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The best place to go for your prayers to be answered–especially if you happen to be Christian and/or are down on your luck as of late–is no longer a house of worship. Nope. Apparently, the best place for sending prayers is…the internet. They supposedly still get routed to God, just via some wireless sources, and with a lot of help from people you most likely have never met.
In “If You Post It, They Will Pray,” Allen Salkin writes about how traffic to online prayer sites is up–way up:

“Prayer has found a home on the Web. Sites such as prayabout.com and ipraytoday.com have recently joined longstanding toll-free telephone services that allow anyone to request, for free, that strangers pray for them. The sites are not all Christian, but most share a belief that if more people pray for something, it has a better chance of happening. The requests for prayers can be seen as a voyeuristic window into what Americans are most concerned with, but they are also a potent sign that as hard as times might get, many people still believe in the kindness of strangers.”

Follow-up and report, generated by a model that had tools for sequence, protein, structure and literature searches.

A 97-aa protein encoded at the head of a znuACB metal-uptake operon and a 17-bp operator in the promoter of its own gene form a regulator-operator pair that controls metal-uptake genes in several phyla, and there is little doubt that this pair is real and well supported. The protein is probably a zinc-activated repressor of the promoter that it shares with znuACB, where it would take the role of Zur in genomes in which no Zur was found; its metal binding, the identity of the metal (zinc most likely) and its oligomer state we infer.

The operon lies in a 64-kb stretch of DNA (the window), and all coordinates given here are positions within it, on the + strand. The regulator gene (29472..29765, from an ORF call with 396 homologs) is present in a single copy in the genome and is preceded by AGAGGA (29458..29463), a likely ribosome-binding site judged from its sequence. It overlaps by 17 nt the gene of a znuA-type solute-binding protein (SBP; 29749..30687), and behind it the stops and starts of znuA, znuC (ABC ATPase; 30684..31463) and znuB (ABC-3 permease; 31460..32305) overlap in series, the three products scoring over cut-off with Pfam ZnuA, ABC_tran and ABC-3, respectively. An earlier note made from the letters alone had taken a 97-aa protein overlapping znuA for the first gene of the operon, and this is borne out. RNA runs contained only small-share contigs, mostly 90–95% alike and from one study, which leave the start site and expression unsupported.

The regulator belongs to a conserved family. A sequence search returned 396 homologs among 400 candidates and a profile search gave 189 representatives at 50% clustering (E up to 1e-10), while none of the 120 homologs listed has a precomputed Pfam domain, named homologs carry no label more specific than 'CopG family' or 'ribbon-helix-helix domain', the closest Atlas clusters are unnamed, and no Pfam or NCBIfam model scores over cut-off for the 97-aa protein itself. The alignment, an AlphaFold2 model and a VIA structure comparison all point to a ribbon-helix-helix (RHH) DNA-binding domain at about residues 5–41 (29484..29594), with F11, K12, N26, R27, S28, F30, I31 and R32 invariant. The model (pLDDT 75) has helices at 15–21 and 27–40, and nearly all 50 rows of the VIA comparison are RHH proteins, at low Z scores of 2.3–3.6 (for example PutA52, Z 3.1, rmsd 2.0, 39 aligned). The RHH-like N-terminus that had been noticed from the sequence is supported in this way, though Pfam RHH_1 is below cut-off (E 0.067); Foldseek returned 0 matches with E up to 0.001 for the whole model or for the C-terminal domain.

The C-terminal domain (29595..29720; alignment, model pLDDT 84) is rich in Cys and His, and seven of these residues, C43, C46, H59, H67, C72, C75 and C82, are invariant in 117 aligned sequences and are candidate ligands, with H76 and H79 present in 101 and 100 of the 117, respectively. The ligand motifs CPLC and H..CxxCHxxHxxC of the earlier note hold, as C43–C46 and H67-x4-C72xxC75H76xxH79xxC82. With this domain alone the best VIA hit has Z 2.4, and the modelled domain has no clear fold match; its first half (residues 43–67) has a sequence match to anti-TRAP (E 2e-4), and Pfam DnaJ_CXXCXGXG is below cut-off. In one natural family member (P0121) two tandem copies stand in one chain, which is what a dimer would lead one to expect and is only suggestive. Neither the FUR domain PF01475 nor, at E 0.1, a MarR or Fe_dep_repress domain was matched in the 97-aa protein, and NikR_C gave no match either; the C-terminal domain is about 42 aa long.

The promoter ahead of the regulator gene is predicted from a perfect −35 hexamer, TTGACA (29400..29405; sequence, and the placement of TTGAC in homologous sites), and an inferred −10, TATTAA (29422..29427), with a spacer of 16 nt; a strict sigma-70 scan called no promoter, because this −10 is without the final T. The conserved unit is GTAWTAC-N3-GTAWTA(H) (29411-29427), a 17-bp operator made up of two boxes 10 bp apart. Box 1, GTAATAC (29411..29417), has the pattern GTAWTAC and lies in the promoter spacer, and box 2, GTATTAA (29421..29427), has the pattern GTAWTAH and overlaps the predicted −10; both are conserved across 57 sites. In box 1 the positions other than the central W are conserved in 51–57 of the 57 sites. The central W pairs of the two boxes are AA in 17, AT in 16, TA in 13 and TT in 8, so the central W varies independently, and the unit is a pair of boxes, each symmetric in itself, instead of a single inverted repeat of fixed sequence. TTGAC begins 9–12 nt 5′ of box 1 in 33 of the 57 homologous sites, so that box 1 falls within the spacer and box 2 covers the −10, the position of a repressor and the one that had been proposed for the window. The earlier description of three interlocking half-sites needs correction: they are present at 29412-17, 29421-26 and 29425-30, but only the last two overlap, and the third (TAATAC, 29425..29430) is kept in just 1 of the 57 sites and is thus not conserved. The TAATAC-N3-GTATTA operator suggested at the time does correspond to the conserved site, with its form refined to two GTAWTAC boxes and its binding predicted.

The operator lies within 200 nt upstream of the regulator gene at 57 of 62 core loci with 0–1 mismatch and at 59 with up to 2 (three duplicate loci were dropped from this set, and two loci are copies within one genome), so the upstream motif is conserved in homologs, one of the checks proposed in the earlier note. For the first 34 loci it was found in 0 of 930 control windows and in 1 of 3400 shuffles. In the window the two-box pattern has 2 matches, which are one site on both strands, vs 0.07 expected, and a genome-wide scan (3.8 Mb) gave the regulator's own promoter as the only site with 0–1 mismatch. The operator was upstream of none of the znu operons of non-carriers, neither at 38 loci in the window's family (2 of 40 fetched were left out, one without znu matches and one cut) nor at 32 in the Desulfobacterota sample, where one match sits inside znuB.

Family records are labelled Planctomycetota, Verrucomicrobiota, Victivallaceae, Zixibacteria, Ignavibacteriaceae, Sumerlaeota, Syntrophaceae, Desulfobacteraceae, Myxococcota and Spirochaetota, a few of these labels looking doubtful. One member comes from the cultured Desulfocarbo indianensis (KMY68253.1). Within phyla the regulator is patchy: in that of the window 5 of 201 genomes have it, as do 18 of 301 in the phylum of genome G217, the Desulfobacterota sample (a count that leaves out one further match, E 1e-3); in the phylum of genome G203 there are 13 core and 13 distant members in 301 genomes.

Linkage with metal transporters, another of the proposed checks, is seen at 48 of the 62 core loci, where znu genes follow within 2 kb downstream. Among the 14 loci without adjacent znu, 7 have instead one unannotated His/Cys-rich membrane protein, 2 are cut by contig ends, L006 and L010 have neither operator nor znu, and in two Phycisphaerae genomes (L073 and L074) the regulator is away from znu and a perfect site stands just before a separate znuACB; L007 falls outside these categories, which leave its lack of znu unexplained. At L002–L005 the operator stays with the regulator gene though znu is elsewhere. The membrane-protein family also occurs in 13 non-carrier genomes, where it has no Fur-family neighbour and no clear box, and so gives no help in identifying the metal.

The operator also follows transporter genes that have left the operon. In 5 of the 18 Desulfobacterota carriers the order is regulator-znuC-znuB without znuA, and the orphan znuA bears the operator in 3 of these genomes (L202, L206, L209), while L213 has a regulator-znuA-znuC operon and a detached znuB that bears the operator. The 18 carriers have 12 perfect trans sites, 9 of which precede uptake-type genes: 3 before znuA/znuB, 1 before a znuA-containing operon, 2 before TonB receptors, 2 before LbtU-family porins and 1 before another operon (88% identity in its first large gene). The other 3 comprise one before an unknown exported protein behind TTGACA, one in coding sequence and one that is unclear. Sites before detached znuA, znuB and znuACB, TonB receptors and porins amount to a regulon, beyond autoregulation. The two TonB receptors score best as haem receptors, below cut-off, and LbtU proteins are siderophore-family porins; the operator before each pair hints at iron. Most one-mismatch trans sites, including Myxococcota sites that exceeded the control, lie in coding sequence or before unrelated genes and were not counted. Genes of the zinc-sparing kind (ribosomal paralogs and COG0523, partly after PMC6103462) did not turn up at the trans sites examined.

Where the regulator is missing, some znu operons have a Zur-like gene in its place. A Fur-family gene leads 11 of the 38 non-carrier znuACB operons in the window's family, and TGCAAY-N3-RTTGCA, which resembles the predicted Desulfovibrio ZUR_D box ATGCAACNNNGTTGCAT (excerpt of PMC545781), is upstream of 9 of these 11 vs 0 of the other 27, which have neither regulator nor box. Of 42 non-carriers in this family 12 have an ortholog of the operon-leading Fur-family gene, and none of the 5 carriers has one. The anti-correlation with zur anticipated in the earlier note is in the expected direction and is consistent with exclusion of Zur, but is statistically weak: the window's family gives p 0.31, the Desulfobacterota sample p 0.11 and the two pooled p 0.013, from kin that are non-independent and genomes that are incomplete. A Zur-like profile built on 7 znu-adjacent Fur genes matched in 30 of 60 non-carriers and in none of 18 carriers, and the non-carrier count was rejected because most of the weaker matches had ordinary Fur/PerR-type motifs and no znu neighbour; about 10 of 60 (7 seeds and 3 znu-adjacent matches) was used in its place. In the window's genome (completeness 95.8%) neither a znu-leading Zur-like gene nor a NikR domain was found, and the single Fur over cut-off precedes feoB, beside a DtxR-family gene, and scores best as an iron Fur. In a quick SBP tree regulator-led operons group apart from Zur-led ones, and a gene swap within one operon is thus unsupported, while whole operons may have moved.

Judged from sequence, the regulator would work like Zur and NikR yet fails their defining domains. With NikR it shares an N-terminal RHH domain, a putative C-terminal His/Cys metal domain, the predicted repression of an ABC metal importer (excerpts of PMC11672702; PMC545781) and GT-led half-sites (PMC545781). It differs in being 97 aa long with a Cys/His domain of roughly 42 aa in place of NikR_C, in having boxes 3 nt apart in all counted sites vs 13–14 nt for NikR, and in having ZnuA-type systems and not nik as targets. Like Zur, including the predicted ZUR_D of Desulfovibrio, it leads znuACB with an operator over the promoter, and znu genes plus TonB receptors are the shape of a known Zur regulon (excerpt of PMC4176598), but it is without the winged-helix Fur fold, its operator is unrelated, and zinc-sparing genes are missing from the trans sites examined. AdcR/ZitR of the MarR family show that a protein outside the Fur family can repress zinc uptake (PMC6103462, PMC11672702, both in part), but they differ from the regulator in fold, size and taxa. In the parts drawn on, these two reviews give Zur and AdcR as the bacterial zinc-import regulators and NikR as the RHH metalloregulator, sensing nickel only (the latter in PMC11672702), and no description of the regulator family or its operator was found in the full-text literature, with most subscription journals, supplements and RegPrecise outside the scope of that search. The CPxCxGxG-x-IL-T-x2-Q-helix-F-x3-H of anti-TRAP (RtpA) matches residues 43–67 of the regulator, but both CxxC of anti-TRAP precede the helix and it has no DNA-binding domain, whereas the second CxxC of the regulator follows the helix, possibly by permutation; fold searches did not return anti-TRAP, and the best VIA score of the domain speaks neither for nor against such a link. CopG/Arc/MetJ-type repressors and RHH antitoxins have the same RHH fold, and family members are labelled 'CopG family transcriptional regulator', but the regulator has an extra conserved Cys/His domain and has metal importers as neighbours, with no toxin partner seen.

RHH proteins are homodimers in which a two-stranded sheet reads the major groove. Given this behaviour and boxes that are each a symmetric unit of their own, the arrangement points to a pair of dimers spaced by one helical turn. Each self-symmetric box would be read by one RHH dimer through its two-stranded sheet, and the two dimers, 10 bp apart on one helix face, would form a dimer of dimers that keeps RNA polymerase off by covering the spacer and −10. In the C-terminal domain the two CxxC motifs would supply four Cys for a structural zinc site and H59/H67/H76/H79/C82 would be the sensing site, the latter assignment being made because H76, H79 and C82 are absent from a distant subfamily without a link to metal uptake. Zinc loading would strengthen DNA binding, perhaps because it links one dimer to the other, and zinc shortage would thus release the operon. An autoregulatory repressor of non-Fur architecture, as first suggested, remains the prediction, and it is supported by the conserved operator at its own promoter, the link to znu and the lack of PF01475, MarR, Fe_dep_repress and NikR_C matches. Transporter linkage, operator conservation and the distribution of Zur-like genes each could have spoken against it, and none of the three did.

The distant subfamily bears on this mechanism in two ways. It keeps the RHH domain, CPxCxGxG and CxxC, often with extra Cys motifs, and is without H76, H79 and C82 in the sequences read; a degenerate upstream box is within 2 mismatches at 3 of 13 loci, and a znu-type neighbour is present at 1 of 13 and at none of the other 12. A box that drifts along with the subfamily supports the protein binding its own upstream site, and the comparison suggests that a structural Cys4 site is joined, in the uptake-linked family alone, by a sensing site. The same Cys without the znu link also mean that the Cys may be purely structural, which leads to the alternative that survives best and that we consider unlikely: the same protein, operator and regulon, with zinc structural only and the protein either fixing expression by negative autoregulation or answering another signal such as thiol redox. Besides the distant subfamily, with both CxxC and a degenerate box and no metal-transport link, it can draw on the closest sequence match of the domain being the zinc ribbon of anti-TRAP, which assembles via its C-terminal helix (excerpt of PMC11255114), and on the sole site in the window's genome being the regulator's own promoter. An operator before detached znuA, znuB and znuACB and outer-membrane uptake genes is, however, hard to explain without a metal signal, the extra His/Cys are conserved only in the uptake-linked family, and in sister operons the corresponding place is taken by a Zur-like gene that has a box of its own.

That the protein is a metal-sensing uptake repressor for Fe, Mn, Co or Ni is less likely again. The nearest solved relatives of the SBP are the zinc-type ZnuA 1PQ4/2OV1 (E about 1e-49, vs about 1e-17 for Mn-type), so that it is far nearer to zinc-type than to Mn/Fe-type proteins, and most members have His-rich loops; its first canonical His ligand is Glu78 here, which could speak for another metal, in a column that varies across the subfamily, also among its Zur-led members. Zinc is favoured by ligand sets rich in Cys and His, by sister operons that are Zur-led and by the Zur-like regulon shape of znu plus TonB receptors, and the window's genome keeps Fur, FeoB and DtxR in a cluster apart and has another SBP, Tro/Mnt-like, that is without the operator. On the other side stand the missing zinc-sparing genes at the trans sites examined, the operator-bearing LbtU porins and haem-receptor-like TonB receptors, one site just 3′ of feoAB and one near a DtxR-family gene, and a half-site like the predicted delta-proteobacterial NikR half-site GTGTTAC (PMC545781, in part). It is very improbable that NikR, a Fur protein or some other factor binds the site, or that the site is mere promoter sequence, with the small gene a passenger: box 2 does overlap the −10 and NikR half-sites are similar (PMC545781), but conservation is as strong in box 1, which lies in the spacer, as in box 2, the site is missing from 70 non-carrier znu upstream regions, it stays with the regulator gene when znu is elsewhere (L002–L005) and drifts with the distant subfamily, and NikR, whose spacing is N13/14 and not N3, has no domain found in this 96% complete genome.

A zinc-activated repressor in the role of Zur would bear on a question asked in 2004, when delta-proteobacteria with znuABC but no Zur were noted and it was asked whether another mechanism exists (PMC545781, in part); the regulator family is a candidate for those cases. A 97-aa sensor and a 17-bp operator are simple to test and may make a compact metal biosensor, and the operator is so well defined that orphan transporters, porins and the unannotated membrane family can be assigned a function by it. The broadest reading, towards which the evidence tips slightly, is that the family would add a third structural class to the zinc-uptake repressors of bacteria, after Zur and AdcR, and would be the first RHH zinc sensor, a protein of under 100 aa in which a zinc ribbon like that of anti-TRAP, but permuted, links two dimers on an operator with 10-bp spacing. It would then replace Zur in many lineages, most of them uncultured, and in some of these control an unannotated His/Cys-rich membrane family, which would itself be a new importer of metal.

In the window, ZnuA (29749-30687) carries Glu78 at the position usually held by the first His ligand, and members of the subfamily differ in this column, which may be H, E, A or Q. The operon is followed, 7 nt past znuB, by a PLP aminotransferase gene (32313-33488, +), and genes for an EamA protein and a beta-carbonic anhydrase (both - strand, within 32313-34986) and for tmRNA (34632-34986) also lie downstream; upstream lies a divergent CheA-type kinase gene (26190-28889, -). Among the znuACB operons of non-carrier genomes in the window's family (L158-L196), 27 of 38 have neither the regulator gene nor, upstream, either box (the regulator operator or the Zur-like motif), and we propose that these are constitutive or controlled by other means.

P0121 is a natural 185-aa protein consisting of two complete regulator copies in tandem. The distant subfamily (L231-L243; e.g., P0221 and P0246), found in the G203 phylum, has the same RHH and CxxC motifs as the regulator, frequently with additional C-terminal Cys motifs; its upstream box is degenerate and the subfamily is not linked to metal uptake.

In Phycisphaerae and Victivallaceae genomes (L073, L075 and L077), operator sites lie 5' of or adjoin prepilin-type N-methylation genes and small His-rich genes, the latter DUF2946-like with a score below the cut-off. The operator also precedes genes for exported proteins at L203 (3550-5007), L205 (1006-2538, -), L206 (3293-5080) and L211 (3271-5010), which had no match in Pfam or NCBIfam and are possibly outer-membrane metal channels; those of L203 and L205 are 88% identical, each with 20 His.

The most popular sites include the following:
prayabout.com
ipraytoday.com
ourprayer.org
Though, not all these sites are believer-friendly. Atheists are making sure to get themselves in the mix, too. “Instead of answering prayers,” writes Kelly, “the atheists point to the Web site Godisimaginary.com. The site urges nonbelievers to spread the word by posting links to Godisimaginary on forums, blogs and news groups.”
What do you think? Is it better to pray in a house of worship, among fellow believers, or would you rather send your prayers out via the web? Or do both methods appeal?
Oh, and in case you didn’t know, Beliefnet has its own prayer resources.

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